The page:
Tuesday, June 14, 2011

Being Perfect

When I was a little child, I took to heart the words that Jesus spoke, "Be perfect, just as your heavenly Father is perfect". I thought that if I could just be perfect enough, then I could somehow make our very abnormal family normal. I could stop my mother and father from fighting, my stepfather from abusing me. Perhaps if I had understood what Christ meant by those words, I could have. I, however, took those words and tried to live them without God's help.

I became a perfectionist, and it twisted me all up in knots inside. I feared the least little mistake that I might make. In first grade, I received a B on a math test and burst into tears. My teacher was puzzled at my tears and asked me what was wrong. I told her, "I'm so devastated. My parents are going to kill me." I believed it, too. She was amazed that a 6 year old had not only used the word devastated but in the correct context, too. She could not understand the complete and total terror I had of making a mistake.

This fear eventually led me to lying and blaming others for my mistakes. It was simply too painful to admit my failures, so I denied them instead. It led me to pretending to be someone I was not in order to please others, and as a result I eventually lost track of who I really was to such a degree that I didn't even know who I really was anymore. All this effort at being perfect ever really accomplished was to create a child so afraid that who I really was wasn't good enough that I would have done anything to keep people from seeing me, including God.

Fortunately, God knew me well enough to know what the problem was. By degrees, He helped me to undo the knots I had tied my life into and to straighten out my thinking. Eventually, I developed a new understanding of that passage. He reminded me that this passage means nothing until you connect it with an earlier statement in that same passage: "Love your enemies, and pray for those who hate you". This is what Christ meant by perfection: to love perfectly. To love even those whose behavior is unlovable. To love them when they hate you enough that you are willing to die for their sake, which is what Christ did for us.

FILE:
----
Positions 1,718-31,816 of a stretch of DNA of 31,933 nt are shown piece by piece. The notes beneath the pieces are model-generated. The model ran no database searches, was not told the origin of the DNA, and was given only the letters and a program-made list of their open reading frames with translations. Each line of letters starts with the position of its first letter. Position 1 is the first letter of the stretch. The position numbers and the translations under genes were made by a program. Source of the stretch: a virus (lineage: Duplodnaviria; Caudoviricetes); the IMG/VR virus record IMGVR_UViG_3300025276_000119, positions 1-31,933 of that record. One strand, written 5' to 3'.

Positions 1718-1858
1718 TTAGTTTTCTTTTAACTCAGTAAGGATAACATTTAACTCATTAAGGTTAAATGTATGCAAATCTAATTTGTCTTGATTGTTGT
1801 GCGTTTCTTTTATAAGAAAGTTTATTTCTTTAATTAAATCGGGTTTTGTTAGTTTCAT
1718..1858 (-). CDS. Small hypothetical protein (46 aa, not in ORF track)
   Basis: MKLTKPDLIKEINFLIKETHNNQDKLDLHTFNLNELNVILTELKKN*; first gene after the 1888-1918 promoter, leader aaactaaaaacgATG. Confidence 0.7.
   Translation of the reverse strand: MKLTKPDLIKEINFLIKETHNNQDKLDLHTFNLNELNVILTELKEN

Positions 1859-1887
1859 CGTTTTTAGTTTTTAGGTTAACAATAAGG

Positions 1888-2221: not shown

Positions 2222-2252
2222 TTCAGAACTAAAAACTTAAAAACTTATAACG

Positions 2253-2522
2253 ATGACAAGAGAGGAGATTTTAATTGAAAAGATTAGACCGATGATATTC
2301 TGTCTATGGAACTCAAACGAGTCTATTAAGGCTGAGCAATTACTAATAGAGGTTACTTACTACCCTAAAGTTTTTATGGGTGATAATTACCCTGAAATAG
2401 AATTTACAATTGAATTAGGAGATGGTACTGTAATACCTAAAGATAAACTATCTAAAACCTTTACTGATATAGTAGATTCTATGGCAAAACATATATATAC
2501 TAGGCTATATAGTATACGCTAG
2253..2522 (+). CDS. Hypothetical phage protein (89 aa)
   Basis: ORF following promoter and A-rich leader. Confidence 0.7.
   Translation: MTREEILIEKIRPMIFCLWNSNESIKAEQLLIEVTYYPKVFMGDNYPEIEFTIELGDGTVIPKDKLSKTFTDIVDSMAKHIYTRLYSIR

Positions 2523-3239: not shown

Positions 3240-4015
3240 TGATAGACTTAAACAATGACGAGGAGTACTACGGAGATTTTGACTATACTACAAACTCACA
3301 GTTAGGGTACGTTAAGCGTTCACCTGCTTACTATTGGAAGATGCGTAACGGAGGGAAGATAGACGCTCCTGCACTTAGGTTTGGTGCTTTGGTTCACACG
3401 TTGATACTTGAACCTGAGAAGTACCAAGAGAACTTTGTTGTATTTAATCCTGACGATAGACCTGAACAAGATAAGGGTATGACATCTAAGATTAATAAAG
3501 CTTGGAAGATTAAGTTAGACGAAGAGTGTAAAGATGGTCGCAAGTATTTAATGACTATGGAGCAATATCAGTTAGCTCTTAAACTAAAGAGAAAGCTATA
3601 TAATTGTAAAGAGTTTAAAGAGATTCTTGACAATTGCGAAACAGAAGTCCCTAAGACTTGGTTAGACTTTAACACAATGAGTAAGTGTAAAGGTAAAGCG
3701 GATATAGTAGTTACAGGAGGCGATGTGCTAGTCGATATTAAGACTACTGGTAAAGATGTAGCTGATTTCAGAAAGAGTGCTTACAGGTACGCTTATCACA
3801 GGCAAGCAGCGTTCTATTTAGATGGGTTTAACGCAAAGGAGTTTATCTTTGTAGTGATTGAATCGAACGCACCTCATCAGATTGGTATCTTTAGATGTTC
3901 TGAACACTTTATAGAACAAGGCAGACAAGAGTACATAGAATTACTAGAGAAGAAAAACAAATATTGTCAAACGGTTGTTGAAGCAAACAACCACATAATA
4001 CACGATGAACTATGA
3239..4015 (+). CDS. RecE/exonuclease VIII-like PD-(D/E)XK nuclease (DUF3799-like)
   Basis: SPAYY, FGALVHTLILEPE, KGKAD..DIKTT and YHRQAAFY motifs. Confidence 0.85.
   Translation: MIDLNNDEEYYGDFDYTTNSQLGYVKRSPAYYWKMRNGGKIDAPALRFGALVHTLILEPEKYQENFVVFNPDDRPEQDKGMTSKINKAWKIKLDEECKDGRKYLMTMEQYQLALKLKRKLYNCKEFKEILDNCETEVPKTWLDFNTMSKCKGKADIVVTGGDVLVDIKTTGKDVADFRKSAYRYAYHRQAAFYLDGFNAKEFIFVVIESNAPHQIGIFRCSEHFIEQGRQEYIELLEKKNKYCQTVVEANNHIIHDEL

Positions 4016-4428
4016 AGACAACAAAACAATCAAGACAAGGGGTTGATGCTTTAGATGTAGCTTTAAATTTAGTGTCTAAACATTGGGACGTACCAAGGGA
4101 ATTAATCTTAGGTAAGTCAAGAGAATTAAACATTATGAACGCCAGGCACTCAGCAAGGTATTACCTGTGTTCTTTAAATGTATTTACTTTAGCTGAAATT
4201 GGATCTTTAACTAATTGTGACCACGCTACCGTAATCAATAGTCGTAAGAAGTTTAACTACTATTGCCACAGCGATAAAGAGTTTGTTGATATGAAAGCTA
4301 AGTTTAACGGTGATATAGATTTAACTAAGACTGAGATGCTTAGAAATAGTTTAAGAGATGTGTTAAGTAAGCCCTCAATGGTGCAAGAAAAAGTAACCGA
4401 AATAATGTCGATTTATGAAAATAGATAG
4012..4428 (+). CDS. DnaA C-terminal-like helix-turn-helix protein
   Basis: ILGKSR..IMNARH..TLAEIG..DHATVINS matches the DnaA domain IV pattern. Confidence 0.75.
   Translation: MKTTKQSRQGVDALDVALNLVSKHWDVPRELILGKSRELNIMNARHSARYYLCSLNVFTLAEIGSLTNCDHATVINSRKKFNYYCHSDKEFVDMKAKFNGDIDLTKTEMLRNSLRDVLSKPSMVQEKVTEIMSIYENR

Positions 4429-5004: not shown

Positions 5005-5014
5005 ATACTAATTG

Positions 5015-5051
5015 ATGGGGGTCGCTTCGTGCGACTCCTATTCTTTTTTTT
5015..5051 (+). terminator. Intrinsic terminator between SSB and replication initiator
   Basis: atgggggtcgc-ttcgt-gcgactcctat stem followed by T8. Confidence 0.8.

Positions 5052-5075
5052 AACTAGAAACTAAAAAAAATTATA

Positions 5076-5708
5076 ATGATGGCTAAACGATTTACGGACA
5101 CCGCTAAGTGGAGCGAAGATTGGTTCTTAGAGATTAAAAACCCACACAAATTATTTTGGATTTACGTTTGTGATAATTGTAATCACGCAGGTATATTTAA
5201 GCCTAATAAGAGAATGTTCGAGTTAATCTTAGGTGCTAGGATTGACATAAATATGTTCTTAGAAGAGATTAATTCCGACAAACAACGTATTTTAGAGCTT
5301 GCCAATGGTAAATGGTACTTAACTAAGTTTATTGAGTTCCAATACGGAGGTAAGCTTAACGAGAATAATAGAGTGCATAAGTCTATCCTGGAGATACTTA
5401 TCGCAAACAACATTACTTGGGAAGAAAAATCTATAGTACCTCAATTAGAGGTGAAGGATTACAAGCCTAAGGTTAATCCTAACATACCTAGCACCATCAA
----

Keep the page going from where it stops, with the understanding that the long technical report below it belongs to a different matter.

God also helped me to see that while for man such a thing is impossible, with God all things are possible. Alone, I had no hope of being able to love as God was calling me to love. I am too easily wounded, too easily angered, and it is too easy to erect emotional barriers to keep out those who hate me. Alone, I will assuredly be defeated as an unarmored babe wandering on a battle field. However, when I allow God's love to fill me then there is no one I cannot love, no hatred I cannot overcome by loving the person who hates me more thoroughly than anyone has ever loved them before. They may not understand my actions, but I know that I can persevere in that love for them no matter what they do to me so long as I have the help and guidance of God.

I know this, because I have had plenty of opportunities to practice loving my enemy. I have learned to see my enemies as gifts to be treasured, opportunities sent from God to help me grow in my faith by teaching me something about myself. I have learned that it is the one who abuses me the most, who is the most difficult to love, is the one who needs my love the most.

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